If that’s how McCarthy and Carlson intend to restore the image of the GOP as a normal political party, who are any of us to argue with such public-relations geniuses?
BONUS: Tucker has become a parody of one of the right’s most beloved memes:
Give Us a Listen!
On yesterday’s Bulwark Podcast, Will Saletan and I discussed Tucker’s attempt to whitewash Jan 6th; Kari Lake’s plan for strength through capitulation; and the call to “eradicate” transgenderism.
You can listen to the whole thing here:
And for Bulwark+ members: Mona Charen and I have some thoughts about John Bolton, Mike Pompeo, Donald Trump, Tucker Carlson, and more. You can listen here.
1. A Moment of Horror, and a New Hero for Ukrainians
Cathy Young writes in today’s Bulwark that a video circulating on social media of a Russian war crime has given the defenders of Ukraine a new icon of defiance.
On Monday, the grim chronicles of Russia’s war in Ukraine hit a macabre new low when a video appeared on social media depicting the apparent execution in cold blood of a captive Ukrainian soldier by Russian troops. The 12-second clip shows a weary-looking man in camouflage fatigues standing in a shallow trench in a wooded area calmly smoking a cigarette while someone off-camera, speaking Russian, says either “Film him” or “Don’t film him.”
Then, just as calmly, the man says “Slava Ukraini!”—“Glory to Ukraine!”—the slogan made famous by the past year’s war. “You bitch!” a man sputters off-camera, and at that very moment there is a burst of automatic gunfire, blowing off the prisoner’s cap and bringing him down a split second later. Then, almost without pause, more bullets rip into the fallen soldier’s body.
And a final off-camera comment, just before the video ends: “Sdokhni, suka” (“Croak, bitch”).
2. Can the CHIPS Act Be Implemented Without Becoming a Byzantine Mess?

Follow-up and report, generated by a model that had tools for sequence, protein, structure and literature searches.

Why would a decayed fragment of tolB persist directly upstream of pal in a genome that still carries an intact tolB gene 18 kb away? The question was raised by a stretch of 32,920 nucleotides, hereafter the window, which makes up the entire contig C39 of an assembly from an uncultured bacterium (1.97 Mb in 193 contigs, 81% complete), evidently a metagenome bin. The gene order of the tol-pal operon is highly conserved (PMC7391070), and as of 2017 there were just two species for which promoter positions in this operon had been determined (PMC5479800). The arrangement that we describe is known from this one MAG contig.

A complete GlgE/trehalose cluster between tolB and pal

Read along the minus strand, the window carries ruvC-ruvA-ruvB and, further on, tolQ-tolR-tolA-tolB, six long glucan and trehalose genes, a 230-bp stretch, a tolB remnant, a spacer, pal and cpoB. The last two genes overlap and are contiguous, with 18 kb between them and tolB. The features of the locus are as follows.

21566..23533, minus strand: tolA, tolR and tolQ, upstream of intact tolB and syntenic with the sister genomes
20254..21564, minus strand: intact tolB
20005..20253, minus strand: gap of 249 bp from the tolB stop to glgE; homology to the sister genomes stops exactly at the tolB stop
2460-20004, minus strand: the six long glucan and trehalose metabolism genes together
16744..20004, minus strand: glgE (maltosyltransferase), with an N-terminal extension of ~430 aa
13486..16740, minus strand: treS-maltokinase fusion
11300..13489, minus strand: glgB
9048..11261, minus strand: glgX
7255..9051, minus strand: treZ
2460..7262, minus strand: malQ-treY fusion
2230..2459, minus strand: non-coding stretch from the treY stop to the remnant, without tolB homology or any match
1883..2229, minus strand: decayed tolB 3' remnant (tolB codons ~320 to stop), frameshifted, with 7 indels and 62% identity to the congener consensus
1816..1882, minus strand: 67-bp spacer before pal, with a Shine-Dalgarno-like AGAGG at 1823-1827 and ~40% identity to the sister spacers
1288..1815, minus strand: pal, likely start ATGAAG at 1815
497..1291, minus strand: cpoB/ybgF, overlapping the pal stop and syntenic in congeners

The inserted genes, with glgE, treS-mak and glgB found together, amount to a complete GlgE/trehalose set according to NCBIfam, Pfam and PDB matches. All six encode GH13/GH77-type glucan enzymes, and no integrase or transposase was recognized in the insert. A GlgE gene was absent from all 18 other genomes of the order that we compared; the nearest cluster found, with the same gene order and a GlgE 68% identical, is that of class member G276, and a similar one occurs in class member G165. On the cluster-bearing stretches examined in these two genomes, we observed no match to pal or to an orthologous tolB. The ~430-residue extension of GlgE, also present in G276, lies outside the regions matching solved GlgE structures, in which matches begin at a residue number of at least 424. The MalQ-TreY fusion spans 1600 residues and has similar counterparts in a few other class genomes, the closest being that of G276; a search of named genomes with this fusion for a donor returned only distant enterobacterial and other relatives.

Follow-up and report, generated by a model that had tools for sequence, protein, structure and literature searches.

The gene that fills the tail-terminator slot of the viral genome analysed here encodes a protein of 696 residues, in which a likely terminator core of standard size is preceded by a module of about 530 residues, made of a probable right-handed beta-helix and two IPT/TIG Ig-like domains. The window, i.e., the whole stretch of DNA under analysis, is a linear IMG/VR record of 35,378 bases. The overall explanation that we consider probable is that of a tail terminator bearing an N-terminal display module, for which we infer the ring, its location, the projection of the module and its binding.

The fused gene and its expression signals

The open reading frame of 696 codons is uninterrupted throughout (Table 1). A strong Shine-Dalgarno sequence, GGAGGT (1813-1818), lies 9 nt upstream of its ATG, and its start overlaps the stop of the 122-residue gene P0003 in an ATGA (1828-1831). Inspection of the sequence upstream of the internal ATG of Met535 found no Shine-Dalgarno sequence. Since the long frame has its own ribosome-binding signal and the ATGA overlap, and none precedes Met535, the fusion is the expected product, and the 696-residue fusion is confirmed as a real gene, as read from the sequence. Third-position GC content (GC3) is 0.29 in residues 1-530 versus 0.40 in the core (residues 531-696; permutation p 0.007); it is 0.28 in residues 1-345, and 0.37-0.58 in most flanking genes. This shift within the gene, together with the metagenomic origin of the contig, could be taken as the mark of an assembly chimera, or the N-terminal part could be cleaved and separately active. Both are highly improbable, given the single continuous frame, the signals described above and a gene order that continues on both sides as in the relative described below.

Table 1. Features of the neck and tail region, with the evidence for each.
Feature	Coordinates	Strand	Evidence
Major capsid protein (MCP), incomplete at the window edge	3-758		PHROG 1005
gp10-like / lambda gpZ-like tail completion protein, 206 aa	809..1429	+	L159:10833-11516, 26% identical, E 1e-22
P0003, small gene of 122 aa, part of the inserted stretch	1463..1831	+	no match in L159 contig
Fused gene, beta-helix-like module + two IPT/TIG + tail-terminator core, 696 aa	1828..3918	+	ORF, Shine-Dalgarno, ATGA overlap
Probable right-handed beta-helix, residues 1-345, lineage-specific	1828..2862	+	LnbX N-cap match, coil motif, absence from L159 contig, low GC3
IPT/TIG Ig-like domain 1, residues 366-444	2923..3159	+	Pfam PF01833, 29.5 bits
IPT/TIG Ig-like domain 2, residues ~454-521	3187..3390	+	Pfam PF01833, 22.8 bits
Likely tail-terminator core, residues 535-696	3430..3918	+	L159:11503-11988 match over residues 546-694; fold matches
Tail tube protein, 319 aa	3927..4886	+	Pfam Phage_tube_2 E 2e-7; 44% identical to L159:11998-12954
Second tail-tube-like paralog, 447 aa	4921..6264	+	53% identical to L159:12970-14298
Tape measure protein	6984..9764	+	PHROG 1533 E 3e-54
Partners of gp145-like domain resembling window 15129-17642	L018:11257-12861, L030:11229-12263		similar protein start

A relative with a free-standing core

Adam J. White in today’s Bulwark:
Can even the CHIPS Act—the most straightforward legislative initiative of the last two years, enacted for a plain and simple purpose of national security—not be executed energetically without meandering into a morass of other policy issues?
It’s not too late for the Biden administration to change its approach. More importantly, it’s not too late for Congress to enact amendments that would significantly reduce the Commerce Department’s discretion, for the sake of steady, swift, and successful administration of the program. Most importantly, it’s not too late for America to relearn the virtues of steady administration that Hamilton emphasized at the start. At least, one hopes not.
Recently joined Bulwark+, my first comment here!
"We are very, very close to being able to ignore Trump most nights," "I truly can't wait."
"I hate him passionately,"
"That's the last four years. We're all pretending we've got a lot to show for it, because admitting what a disaster it's been is too tough to digest. But come on. There isn't really an upside to Trump."
These latest texts feel particularly devastating, not only are they from before Jan 6th, but also express open personal animosity to Trump and state that the whole presidency was a failure. Clearly, though, the big problem is most people who like Tucker and like Trump are never going to see these. My big idea of the morning is that, if there was a campaign to rent cheaper billboards in Trumpy rural areas across the country and display these messages, it might be at least somewhat effective, at least raising some questions among Trumpist people (“just asking questions”). At best, a certain percentage of those that see the signs might become disillusioned with the whole movement, at worst it at least causes a bit of a headache for one of the worst people in America (Tucker, of course). Not sure on the legal aspects of this, but I’d certainly pitch in some money and time if this effort ever got off the ground.
The problem is that Donald Trump and Tucker Carlson are more representative of Republican voters today than Mitch McConnell and Mitt Romney.